Postmenopausal women with forearm fracture have higher cortical porosity and lower trabecular density perhaps due to excessive age-related bone loss1. Remodelling becomes unbalanced and rapid only after ~45 years of age. We therefore proposed that bone fragility in premenopausal women with a forearm fracture originates during growth. At metaphyses, trabeculae emerging from the periphery of the growth plate form cortex by corticalization)2. We speculated that fewer and/or thinner trabeculae from the growth plate may impair corticalization so the spacing between more separated trabeculae leave a higher porosity (forming wider transitional zone), reduced cortical area and a larger medullary area (by lack of adsorption of trabeculae upon the endocortical surface).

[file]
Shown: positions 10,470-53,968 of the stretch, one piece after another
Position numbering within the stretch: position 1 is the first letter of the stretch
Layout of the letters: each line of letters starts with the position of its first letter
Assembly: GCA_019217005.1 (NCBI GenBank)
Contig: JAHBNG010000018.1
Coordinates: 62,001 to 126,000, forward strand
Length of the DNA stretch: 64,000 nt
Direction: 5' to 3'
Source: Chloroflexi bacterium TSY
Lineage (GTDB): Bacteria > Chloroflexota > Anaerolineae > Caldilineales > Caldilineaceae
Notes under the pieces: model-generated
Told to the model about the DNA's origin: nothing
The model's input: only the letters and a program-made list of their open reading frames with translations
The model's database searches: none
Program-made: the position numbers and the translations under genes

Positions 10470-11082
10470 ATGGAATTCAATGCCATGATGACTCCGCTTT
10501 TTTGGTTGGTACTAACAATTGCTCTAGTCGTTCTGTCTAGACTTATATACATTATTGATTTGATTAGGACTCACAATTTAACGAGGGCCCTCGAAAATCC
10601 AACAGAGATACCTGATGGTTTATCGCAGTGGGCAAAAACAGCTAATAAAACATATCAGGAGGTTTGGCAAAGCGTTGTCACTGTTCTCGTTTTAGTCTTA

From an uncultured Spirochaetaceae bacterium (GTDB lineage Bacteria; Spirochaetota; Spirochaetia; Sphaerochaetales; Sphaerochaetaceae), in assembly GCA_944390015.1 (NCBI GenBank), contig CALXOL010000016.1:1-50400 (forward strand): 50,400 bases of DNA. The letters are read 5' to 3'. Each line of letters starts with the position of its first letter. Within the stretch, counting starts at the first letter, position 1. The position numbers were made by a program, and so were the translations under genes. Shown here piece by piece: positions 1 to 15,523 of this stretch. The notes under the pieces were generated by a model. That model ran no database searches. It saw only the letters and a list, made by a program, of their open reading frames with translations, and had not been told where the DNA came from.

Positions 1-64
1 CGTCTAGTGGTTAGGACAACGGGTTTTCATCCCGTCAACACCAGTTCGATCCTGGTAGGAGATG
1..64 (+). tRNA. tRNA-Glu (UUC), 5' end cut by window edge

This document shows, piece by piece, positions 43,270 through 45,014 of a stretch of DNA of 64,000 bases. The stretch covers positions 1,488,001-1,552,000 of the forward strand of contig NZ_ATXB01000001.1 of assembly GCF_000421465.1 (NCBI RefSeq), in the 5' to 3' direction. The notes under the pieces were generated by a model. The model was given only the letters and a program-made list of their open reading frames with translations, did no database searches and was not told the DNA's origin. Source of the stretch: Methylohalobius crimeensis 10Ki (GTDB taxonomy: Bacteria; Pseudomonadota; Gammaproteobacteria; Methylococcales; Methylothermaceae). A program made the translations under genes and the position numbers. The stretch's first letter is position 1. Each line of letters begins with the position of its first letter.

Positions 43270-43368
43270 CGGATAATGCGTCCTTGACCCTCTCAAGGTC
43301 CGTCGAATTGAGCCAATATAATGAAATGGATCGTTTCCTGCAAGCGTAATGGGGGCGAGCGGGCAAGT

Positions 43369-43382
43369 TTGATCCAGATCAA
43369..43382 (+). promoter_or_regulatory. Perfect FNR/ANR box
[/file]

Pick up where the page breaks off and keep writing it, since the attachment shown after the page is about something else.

In a previously reported cohort of 40 premenopausal women (mean age 30±8 years) with forearm fractures3, and 80 controls, we assessed trabecular architecture and cortical porosity of the compact-appearing cortex (CC), outer- and inner transitional zones (OTZ and ITZ) at the ultradistal radius acquired using HR-pQCT and quantified using StrAx1.04. Cortical cross-sectional area (CSA)/total CSA was used as a measure of the cortical area corrected for bone size.
Cases had 4% lower cortical CSA/total CSA, a reciprocally higher medullary CSA/total CSA (both P=0.067), 23% higher porosity of the OTZ and ITZ (both P<0.04), and 19% lower trabecular vBMD due to 8% fewer and 3% thinner trabeculae than controls (P<0.04). A SD increment in ITZ porosity and trabecular vBMD conferred odds ratios for fracture of 1.33 (1.121.60) and 1.03 (1.011.04) respectively.
Within the constraints of this cross-sectional study, we infer that reduced trabecular number and thickness and impaired corticalization contribute to thinner and more porous cortices, reduced trabecular density and so bone fragility.
References: 1. Bala et al. 2014 JBMR.
2. Wang et al. 2010 JBMR.
3. Rozental et al. 2013 JSBS.
4. Zebaze et al. 2013 Bone.
17 May 2014 - 20 May 2014